Once the data was gathered, it had to be normalized. For the non-techie readers, data normalization is
"a technique that is applied when designing relational database tables in order to minimize the duplication of information and, by so doing, safeguard the database against logical or structural anomalies that could compromise the integrity of the data. By reducing the amount of data duplication, or 'redundancy' normalization achieves four things:
- Minimize the amount of space required to hold the database By removing the need to store the same information in more than one place, the physical size of the data is restricted to a minimum
- Remove the risk of inconsistencies Since each data element occurs only once, there can be no inconsistency between 'versions' of the same information.
- Minimize possible Update and Delete anomalies Since each element occurs only once, there is no need to repeat operations in multiple locations when there is the risk that one may succeed while another fails. Additionally by ensuring that all columns in a table are dependent on the primary key, referential integrity is easily enforced
- Maximize the stability of the data structure One thing that is certain about any computer application is that the requirements will change. A stable data structure can handle changes to processing requirements without requiring direct modification of the data structure"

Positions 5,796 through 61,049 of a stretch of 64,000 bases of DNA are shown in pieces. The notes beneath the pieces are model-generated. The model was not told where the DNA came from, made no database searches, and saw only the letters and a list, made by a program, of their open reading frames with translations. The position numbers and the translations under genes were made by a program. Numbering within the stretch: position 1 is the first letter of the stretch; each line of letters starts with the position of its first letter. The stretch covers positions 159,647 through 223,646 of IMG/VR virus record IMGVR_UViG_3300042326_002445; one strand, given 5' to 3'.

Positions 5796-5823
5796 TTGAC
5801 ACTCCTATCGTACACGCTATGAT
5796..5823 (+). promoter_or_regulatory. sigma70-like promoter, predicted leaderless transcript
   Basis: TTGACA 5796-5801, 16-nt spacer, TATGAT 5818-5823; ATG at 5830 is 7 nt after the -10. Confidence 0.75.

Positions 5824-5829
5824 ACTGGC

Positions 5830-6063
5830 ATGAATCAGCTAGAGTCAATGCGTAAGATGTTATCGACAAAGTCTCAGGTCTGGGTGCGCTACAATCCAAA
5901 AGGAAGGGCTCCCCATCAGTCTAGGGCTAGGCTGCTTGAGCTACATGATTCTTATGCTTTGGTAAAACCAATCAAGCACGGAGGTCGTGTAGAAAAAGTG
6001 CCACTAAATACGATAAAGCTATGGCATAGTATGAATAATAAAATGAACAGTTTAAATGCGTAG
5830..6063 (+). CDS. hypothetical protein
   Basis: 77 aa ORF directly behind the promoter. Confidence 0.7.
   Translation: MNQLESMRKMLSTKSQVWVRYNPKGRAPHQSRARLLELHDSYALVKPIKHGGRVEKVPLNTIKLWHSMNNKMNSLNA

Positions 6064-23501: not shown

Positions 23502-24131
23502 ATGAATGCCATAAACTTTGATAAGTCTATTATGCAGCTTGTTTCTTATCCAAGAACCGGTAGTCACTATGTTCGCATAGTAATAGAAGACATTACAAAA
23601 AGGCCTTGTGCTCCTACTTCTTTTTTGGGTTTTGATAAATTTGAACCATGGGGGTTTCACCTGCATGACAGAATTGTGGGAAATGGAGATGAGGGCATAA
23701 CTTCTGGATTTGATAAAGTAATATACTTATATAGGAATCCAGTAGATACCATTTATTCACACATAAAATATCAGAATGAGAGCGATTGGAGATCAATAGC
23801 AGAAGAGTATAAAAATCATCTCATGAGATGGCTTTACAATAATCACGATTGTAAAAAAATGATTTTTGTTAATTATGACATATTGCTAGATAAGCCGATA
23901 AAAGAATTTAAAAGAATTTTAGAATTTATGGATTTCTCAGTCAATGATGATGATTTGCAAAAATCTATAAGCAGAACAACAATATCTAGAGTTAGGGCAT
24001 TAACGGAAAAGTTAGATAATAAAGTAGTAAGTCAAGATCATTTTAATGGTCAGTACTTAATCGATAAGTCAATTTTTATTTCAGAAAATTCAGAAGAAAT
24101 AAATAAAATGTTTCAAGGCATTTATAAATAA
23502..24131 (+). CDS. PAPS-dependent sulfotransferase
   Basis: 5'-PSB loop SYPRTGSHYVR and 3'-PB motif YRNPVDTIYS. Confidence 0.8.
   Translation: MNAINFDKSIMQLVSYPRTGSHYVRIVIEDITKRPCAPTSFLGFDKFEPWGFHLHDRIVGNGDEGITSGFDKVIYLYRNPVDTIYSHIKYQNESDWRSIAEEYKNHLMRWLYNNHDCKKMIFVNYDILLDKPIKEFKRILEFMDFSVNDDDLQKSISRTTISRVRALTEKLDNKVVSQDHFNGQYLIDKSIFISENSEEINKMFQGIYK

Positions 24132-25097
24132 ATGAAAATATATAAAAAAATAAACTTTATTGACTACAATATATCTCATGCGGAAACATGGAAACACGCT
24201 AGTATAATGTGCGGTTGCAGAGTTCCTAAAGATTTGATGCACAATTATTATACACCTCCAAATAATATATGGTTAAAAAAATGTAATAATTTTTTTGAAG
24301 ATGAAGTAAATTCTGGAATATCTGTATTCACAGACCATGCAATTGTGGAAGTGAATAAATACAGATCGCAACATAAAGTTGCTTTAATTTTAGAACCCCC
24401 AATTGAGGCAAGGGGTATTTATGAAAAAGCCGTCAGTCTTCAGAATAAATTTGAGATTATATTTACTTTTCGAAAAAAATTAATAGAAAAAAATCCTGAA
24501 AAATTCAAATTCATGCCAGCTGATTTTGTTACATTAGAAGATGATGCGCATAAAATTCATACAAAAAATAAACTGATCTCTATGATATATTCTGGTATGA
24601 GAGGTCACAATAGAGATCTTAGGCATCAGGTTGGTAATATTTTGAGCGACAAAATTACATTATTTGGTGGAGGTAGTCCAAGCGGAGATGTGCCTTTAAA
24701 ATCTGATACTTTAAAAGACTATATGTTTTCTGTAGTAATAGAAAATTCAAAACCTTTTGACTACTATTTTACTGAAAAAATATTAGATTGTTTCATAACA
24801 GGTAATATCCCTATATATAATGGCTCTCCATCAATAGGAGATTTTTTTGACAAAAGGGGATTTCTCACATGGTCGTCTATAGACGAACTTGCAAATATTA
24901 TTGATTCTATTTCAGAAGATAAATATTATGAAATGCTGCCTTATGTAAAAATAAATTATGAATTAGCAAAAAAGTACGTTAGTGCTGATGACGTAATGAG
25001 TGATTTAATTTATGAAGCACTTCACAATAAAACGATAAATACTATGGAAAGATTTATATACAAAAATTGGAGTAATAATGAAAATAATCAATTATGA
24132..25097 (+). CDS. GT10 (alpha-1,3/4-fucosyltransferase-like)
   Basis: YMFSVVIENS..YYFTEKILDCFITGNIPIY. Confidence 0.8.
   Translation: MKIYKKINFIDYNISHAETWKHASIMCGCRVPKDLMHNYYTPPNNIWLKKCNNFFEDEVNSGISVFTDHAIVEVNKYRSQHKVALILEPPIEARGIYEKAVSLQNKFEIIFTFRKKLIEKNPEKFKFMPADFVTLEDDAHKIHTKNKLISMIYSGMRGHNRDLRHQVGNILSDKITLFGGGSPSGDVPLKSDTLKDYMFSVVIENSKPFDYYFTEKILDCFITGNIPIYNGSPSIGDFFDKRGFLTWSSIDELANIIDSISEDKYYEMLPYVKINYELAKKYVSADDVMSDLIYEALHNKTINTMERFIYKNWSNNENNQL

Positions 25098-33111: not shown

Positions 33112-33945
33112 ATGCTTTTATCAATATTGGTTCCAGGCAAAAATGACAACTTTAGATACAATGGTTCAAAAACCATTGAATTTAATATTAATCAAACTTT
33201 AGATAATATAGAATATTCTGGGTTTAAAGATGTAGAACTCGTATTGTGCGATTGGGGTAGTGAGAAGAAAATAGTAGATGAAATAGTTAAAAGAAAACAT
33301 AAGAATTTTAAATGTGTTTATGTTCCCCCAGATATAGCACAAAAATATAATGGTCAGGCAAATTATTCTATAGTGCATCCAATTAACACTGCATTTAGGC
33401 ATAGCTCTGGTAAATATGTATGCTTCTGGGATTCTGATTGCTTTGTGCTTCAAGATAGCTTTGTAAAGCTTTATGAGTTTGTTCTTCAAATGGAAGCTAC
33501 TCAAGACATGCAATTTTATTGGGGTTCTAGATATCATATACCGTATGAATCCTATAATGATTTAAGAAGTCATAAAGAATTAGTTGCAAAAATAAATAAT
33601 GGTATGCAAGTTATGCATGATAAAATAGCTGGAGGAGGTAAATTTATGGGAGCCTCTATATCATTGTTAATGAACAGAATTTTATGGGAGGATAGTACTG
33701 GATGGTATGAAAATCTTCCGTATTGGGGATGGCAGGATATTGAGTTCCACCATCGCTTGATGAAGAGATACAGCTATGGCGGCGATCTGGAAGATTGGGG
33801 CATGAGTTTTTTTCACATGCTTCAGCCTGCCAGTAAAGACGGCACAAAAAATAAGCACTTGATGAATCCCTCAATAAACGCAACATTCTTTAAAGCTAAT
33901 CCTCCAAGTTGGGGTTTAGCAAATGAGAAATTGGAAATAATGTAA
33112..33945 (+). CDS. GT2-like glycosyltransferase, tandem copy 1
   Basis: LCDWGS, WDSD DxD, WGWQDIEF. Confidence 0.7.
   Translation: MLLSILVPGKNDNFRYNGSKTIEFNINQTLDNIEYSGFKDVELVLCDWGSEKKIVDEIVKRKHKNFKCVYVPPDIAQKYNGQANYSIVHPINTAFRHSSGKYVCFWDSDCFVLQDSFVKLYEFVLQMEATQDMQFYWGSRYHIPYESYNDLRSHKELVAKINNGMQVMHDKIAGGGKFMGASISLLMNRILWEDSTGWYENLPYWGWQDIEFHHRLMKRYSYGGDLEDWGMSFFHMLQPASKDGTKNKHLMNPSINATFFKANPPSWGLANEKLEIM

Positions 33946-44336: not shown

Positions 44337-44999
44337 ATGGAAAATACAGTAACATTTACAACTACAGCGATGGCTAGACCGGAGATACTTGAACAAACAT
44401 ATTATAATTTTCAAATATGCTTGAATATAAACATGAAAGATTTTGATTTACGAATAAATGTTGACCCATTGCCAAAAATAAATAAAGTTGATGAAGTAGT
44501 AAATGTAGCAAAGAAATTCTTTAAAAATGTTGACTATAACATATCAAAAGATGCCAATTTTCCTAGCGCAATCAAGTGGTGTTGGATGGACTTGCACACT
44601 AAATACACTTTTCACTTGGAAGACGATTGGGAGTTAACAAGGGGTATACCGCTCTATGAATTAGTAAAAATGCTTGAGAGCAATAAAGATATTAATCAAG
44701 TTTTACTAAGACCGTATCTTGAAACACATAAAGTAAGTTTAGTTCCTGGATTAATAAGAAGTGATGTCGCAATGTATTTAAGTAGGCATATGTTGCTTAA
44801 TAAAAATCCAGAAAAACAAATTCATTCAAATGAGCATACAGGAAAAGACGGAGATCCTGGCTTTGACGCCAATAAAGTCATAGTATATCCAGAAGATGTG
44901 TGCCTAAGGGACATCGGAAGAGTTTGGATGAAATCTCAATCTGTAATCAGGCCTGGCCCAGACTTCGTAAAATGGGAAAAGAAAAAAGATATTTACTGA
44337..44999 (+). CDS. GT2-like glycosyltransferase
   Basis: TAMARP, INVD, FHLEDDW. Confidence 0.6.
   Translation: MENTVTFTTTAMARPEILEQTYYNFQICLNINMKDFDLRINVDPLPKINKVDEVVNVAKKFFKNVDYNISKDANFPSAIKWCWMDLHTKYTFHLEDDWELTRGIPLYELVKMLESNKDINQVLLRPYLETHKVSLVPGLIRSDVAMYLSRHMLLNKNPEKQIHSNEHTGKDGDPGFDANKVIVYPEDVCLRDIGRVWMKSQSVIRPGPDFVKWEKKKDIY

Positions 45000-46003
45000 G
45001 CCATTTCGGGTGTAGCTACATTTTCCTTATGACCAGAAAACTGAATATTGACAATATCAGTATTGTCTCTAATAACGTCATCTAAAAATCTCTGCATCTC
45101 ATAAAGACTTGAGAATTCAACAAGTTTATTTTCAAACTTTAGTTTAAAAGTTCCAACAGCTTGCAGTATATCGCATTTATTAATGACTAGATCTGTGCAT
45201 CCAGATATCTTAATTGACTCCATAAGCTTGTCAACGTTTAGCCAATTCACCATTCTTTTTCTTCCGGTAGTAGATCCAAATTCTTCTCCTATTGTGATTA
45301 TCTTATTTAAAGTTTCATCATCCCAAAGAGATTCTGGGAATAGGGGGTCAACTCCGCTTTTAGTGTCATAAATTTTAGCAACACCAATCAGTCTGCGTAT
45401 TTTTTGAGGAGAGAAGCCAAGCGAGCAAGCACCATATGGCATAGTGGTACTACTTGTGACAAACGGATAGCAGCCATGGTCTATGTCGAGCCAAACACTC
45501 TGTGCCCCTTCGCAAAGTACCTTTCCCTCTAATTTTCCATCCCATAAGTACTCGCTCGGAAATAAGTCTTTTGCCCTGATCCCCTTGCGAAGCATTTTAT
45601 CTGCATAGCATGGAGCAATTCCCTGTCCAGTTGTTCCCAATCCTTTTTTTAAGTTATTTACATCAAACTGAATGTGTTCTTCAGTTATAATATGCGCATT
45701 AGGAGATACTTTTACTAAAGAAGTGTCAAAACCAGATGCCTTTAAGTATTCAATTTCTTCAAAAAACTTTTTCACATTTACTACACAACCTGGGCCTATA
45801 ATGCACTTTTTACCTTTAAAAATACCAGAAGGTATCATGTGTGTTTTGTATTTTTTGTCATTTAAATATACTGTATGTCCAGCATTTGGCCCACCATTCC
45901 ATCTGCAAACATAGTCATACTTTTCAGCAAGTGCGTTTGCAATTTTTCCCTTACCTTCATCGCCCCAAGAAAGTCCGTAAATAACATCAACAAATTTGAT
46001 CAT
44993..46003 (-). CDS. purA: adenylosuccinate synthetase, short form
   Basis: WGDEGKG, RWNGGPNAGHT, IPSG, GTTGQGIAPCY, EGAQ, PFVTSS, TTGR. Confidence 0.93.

In plain English, it means having clean, consistent data. One would think and hope that a governing organization such as the NCAA would have consistent data definitions for schools and conferences to follow. Unfortunately no. So as a result, the following are typical examples that were encountered:
Is the school name Saint Marys (CA), St Mary's - California, St. Marys - CA? Is it FGSU or Florida Gulf Coast University? Is it ETSU, East Tenn State, or East Tennessee State University? Pick a possible name variation and you would find it, many times within the same conference document.
Which team is the home team and which is the away team? Normal convention in sports scheduling is that the visiting team is named first and the home team is listed second. That is, of course, if your conference site is not hosted by CBS College Sports Network. If it is, the home team is first and the visiting team is second. Even worse, it is not listed as a game, but just as a column. Other conferences published the games as match-ups, i.e. My School "at" Your School. Oops, did I say "at"? Sometimes they would use "vs." or "vs".
Is there really a game or is it just assumed there will be one? The ACC and Duke University, with stunning confidence, assumed Duke would win its opening game against Presbyterian and have their second game televised. It was a safe assumption, but do you include games which are not guarantees?
Is the game on ESPNU or ESPNu? Is it on CBSCS or CBS College Sports or CBS College Sports Network? Is it on BTN or Big Ten Network?
These and other problems made the import process and architecture an important consideration when designing version 2.0 of the Domino-based application.